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Q&A: Emergency landing gear extension, troubleshooting water in the fuel and checking the idle mixture

Q&A: Emergency landing gear extension, troubleshooting water in the fuel and checking the idle mixture

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May 2015-
Q: Hi Steve,
I watched a gear-up landing at my local airport a week ago. Nobody in the Piper Arrow was hurt, so it was a good landing. But after all the facts were known, it appears as if the cause was the pilot didn’t know how to, or got emotionally seized up, when he attempted to do an emergency gear extension.

As I pondered this I wondered if I would be able to get the gear down in my Arrow II if something went wrong. I’ve read the book on the emergency gear-down procedure, but I’ve never actually done it.
I decided to survey the other pilots here that fly retractable landing gear airplanes and found that only one or two out of 14 had ever completed an emergency gear-down procedure while flying.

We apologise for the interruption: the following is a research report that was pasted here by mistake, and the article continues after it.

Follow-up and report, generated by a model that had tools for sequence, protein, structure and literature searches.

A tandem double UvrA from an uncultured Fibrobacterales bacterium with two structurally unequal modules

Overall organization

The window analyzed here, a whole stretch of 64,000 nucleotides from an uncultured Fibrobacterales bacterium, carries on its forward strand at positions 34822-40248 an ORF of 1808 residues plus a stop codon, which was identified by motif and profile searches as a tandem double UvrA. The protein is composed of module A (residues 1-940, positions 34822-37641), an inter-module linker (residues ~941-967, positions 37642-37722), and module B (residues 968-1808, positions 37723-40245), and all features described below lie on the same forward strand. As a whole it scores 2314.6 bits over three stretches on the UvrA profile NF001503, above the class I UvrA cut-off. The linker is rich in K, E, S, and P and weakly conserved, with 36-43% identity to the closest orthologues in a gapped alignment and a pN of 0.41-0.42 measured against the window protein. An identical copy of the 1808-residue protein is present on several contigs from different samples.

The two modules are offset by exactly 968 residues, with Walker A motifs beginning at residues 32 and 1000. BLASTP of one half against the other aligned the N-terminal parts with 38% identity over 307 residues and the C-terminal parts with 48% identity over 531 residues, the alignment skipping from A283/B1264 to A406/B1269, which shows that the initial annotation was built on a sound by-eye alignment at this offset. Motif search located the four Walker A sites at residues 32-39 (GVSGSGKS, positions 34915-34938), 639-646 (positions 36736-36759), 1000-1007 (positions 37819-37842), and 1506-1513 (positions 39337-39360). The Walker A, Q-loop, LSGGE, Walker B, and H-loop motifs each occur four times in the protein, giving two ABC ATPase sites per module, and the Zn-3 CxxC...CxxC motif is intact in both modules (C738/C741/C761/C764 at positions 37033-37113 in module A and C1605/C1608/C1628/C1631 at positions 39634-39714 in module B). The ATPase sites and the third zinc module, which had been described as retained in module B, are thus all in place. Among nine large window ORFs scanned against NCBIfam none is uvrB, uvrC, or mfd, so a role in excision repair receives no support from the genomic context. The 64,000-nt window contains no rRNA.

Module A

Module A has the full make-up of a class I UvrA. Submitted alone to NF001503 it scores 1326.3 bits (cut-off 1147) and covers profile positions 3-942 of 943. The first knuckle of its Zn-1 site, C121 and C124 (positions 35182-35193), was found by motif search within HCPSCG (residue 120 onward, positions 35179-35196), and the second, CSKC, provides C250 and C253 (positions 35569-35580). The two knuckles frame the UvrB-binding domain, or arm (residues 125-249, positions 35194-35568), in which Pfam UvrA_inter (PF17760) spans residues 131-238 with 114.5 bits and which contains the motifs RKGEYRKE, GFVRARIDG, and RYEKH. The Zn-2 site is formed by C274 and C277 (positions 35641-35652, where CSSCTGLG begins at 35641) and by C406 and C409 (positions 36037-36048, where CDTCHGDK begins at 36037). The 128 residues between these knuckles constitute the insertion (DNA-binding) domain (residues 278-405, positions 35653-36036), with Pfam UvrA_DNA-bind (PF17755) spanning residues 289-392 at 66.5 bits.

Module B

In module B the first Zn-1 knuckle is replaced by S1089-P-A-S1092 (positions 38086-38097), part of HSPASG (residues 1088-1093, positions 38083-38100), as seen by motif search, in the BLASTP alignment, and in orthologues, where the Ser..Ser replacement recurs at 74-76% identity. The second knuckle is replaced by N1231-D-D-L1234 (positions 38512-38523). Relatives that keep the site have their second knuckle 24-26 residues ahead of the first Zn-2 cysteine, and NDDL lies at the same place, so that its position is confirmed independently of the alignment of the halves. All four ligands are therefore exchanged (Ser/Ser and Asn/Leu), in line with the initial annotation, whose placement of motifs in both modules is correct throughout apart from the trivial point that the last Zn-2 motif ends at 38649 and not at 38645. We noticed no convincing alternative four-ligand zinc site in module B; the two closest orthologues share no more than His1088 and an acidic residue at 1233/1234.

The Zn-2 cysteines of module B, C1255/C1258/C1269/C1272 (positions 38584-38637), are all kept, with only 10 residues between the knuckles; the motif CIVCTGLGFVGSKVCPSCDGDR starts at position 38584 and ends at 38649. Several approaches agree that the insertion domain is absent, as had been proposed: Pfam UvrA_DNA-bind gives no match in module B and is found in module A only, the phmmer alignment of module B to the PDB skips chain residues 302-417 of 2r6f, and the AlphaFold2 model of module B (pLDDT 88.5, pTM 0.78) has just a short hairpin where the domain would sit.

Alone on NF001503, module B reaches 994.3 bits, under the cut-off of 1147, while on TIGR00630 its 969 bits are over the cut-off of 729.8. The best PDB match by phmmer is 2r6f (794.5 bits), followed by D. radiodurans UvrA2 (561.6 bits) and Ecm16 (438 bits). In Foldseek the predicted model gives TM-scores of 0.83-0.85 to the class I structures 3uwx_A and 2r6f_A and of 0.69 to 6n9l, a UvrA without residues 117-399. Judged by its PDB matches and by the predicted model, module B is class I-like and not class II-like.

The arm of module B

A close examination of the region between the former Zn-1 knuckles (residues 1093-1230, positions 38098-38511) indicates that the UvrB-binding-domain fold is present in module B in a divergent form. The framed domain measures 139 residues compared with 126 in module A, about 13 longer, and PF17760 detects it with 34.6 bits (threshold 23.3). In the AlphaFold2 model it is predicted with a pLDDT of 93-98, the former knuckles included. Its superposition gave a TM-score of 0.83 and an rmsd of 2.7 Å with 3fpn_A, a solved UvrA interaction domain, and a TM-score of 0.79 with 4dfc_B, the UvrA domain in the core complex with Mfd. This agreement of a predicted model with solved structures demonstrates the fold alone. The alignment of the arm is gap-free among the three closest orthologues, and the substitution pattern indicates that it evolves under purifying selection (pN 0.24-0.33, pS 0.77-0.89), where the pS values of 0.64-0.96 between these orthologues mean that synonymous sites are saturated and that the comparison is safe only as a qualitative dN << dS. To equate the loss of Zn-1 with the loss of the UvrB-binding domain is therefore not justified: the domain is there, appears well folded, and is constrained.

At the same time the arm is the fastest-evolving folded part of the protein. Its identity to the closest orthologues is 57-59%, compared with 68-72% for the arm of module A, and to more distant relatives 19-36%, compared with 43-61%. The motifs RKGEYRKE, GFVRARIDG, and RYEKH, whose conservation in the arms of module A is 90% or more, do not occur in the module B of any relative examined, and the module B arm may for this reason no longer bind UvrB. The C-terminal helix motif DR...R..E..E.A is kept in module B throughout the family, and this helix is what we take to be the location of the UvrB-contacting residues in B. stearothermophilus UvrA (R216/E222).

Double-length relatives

I know I can re-read through the manual, and sit in the cockpit and coach myself through the steps when I’m on the ground. I believe I understand the landing gear system, but wonder if I should insist that my instructor let me perform an actual emergency gear extension.
What do you think?

—Landing Gear Gary

A: Dear Gary,
I’m impressed with the fact you’re striving to learn all you can about the landing gear system in your Arrow II. An intimate knowledge of systems increases confidence and makes flying safer.

The landing gear (LG) system in your PA-28R-200 is pretty simple. During the gear-up cycle, the LG is retracted using hydraulic pressure generated by a pump/reservoir/valve assembly located aft of the baggage compartment on the pilot’s side of the centerline.

Once the gear is up and the actuating cylinders have reached the limit of up travel, the hydraulic pressure builds to approximately 1,400 psi. At that point a pressure sensing switch turns off the pump. A one-way check valve seals the up pressure line and the LG legs are held up by the captured hydraulic fluid.

If there’s a small leak past the check valve or past a piston in one of the actuators, pressure will bleed off. At approximately 1,100 psi the pressure sensing switch will turn the pump motor back on until the pressure again builds to approximately 1,400 psi.
An emergency landing gear extension is quite simple: pushing the emergency gear extension lever on the pilot’s side of the console between the front seats opens up the gear-up fluid lines.